Thas a very beautiful part of the account: “That God touched his eyes with his finger and said, “Joseph, this is my beloved Son, hear Him.” As soon as the Lord had touched his eyes with his finger, he immediately saw the Savior.”

      Thanks, J.

  7. Brad says:

    And am I safe presuming here that all parties to the conversation are aware that the received wisdom, even among elite church leaders, for most of the 19th century seems to be that Joseph saw an “angel” in the grove?

    1. day2mon says:

      If that is true, Brad, then there’s a history waiting to be told, and I don’t think Flake did it already.
      I’m not sure about the received wisdom, however.
      Whatever it was, they called it “the first vision,” and Moroni’s “the second vision.” There is an interesting history for the telling in the loss of sequencing in favor a title.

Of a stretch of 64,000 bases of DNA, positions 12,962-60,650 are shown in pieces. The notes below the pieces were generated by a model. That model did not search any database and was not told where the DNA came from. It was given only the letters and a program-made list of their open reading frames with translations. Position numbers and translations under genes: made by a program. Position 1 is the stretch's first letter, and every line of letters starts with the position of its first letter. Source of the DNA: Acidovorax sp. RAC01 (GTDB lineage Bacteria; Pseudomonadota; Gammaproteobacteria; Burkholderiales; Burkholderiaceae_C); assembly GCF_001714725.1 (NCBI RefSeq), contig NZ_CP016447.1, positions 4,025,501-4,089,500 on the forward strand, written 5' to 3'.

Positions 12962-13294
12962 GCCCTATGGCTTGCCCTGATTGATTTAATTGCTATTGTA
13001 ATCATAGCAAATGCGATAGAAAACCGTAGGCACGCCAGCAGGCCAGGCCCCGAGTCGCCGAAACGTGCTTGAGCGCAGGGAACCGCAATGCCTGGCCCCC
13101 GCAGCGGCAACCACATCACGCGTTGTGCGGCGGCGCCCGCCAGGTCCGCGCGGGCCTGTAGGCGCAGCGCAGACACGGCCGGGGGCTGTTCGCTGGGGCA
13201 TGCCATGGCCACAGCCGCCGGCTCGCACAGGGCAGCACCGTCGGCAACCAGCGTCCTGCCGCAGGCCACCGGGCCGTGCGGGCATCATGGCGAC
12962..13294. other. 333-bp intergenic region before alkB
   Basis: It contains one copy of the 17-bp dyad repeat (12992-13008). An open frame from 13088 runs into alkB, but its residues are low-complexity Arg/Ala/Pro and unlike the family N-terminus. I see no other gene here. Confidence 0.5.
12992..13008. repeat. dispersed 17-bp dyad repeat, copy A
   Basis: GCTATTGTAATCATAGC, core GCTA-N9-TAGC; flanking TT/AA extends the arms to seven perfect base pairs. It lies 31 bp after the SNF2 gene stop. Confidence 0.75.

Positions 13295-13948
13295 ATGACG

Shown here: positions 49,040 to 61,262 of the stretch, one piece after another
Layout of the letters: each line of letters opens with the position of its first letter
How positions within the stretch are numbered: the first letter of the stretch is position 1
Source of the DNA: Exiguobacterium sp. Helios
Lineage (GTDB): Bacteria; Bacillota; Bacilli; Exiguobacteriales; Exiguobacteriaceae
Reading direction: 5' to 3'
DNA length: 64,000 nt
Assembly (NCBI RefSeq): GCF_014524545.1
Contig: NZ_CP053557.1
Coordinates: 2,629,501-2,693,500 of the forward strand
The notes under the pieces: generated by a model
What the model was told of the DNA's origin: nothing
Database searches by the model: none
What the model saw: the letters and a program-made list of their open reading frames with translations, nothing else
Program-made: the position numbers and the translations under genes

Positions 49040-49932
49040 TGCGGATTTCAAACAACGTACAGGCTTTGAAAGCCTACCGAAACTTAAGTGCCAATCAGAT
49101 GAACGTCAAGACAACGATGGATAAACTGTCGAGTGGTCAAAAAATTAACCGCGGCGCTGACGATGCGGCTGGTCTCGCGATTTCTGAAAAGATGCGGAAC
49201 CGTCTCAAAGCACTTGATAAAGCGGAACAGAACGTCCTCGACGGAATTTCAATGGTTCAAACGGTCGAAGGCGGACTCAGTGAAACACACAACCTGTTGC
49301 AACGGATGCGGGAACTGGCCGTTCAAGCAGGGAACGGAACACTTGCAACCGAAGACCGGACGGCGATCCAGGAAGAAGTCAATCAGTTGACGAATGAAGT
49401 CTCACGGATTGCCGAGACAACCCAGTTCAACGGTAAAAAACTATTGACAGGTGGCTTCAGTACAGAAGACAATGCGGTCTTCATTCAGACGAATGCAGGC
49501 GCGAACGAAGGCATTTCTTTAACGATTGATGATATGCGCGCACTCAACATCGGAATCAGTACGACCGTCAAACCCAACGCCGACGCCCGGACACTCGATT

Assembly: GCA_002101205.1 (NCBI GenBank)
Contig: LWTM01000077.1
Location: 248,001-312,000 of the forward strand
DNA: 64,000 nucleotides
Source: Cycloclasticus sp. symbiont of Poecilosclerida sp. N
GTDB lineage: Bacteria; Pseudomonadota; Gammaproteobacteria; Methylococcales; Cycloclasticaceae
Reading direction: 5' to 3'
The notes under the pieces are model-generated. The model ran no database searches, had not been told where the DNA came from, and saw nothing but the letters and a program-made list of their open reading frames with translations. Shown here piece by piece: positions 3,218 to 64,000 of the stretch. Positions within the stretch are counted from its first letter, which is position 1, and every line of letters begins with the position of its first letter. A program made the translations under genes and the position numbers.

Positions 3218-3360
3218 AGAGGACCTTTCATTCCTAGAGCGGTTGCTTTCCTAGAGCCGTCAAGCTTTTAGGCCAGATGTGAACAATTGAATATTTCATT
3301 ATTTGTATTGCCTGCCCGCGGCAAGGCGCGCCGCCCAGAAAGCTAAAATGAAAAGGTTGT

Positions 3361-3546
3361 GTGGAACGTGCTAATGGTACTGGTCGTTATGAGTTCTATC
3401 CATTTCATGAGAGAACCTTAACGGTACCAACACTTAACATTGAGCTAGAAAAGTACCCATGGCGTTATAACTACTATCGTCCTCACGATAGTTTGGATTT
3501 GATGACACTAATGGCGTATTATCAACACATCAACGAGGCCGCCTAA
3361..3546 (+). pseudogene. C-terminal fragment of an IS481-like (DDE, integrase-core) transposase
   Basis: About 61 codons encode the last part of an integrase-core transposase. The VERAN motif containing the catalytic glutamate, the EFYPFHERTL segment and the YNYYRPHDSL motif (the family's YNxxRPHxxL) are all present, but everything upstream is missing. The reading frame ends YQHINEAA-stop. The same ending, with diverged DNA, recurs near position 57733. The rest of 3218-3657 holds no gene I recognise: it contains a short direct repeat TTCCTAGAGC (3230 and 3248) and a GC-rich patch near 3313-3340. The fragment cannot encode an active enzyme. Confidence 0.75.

8. Ron Madson says:

    Zebedee Coltrin testified many years later that while he, Joseph and others were in prayer at the school of Prophets in Kirtland (abt. 1833 I believe) he saw Jesus walk through the room which Joseph confirmed was Jesus and then another personage wrapped in fire walked through the room and Joseph told Zebedee that that personage was the Father of Jesus.

    Does this count? Or is hearsay evidence not allowed.

    1. day2mon says:

      Ron,
      I’m fine with hearsay as what someone recollects Joseph saying, of course, that doesn’t count for what Joseph said.
      That they had no problem speaking of The Father as walking through is itself something to consider in a history of doctrine/theology, though.